Wage hike dwarfed by rising inflation
The wage growth in Bangladesh grew slower than the inflation rate in May, handing a blow to the country's millions of low-paid skilled and unskilled workers already struggling to make ends meet amid the rising cost of living.
According to the Wage Rate Index (WRI) of the Bangladesh Bureau of Statistics, pay rose 6.38 per cent last month compared to a year ago and were up 10 basis points from April's.
Inflation surged to an eight-year high of 7.42 per cent in May, driven by a hike in food costs, underscoring the plight a majority of the population in Bangladesh is currently experiencing, BBS data showed on Sunday.
In Bangladesh, inflation has been rising since October owing to accelerated costs for commodities globally amid lingering supply chain disruptions and the Russia-Ukraine war.
The WRI is intended to measure the movement of wages of low-paid skilled and unskilled workers over time in the main sectors of the economy and is also used to measure the changes in real wages.
In fact, the wage growth has been running below the inflation rate since February, as pent-up demand, abnormally high global commodities prices and supply disruptions sent the price pressure high globally and in Bangladesh. Wage growth has failed to keep pace.
Service sector workers witnessed the highest increase in wages among the three main sectors of the economy in May, rising 6.77 per cent, as high-income groups are increasingly seeking more services following a significant fall in coronavirus infections. It was 6.59 per cent in April.
Industrial workers' pay was up 16 basis points to 6.46 per cent compared to a month ago.
Agriculture labourers saw the slowest growth with their wages rising by 6.27 per cent, up from 6.22 per cent in April.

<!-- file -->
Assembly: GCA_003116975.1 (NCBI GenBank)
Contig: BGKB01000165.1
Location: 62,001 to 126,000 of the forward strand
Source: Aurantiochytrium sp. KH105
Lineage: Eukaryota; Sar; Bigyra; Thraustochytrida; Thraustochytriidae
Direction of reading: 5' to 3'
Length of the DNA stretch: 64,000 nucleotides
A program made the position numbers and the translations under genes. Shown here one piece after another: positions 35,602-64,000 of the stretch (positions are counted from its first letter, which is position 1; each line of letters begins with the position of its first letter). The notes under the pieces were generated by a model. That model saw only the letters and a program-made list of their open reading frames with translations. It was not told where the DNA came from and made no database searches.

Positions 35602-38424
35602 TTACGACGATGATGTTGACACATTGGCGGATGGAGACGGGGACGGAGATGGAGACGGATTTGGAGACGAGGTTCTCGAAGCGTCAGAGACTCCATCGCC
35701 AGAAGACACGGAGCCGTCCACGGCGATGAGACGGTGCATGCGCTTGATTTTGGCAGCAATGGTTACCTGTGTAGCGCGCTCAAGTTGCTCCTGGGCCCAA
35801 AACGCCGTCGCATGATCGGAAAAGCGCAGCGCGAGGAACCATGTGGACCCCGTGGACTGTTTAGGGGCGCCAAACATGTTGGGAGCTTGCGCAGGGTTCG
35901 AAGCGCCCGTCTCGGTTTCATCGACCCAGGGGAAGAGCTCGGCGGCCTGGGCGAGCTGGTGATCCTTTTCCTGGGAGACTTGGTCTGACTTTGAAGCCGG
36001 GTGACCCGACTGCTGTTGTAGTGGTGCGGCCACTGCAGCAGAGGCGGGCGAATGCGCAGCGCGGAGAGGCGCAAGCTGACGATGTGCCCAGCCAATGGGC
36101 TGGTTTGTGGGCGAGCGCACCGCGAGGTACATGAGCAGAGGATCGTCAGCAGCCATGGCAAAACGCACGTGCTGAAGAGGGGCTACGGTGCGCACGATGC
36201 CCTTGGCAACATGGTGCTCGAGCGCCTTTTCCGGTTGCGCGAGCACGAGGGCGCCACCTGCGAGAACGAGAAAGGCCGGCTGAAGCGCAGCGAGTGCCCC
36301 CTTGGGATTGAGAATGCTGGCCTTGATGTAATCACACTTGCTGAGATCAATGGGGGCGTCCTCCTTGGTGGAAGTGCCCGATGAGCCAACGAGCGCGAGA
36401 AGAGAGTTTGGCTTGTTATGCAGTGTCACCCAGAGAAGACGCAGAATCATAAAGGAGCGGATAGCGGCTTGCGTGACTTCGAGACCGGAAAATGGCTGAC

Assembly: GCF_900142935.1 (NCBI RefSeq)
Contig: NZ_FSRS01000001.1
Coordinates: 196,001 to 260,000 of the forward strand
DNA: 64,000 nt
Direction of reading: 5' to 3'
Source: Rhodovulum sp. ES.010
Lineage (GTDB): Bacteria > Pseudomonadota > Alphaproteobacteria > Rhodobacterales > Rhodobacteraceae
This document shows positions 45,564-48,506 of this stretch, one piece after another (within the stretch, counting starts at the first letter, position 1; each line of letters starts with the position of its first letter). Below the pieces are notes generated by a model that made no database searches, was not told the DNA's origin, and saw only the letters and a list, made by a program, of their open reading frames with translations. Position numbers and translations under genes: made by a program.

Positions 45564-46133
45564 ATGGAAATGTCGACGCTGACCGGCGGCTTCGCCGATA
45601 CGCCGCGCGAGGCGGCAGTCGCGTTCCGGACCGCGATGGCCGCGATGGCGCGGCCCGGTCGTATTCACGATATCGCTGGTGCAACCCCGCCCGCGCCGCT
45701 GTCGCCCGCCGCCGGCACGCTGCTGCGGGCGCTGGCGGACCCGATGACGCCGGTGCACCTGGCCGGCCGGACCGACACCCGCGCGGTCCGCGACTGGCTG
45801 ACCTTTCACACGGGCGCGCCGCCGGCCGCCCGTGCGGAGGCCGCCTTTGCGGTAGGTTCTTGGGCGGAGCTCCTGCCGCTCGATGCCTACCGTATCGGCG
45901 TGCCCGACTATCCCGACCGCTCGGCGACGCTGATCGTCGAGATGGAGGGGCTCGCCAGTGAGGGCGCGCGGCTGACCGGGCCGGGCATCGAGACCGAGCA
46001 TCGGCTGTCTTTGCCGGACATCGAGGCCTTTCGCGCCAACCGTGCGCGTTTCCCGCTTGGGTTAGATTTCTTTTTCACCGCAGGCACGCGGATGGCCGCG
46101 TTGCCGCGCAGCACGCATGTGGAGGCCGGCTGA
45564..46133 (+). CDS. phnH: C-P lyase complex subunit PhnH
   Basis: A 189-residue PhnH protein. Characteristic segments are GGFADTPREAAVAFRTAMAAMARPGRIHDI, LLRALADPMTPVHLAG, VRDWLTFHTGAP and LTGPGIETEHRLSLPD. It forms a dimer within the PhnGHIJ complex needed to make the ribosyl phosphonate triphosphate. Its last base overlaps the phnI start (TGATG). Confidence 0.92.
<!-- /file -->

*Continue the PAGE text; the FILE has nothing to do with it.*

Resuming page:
Although the wage growth rose, it was not enough to offset the consumer prices leaps.
Mustafizur Rahman, a distinguished fellow of the Centre for Policy Dialogue, said food inflation in May was the sharpest since May 2014, owing to a spike in prices in international markets and import-induced inflation caused by the depreciation of the local currency.
According to Rahman, the purchasing power of workers should be calculated by taking into account the price hike of the essentials consumed by workers.
"The prices of essentials have risen significantly compared to what the official inflation figure tells us. So, from that point of view, workers have seen a significant erosion of their purchasing power."
The point-to-point inflation growth in May was higher than the wage hike during the same period, said Nazneen Ahmed, country economist of the United Nations Development Programme Bangladesh,
"That means the real purchasing power of the low-income people has declined during this period. Though the base year for the two estimates is different, this gives an indication of real wage rate decline."
The base year for the Consumer Price Index is 2005-06 while that of the WRI is 2010-11.
Among the sub-sectors, the wage of workers employed in the construction sector was 4.83 per cent last month. It was 4.75 per cent in April.
Division-wise, workers in the Rangpur division saw the biggest raise, taking home 9.39 per cent higher wages in May than a year ago.
The low-paid skilled and unskilled workers in Barishal came second with their pay rising 7.39 per cent.
Their counterparts in the Dhaka division experienced the slowest pace of growth at 5.07 per cent.
The pay of workers grew 6.73 per cent in Chattogram, 6.20 per cent in Khulna, 6.05 per cent in Rajshahi, and 5.83 per cent in Sylhet, BBS data showed.
The floods have added further woes, so the affected people should receive special attention, said CPD's Rahman.
He said the increase of the price of rice by 50 per cent from Tk 10 per kilogramme to Tk 15 under the Trading Corporation of Bangladesh's open market sales operation might hit the poor and the marginalised.
"The social safety net programmes, in terms of allowance and coverage, should be expanded."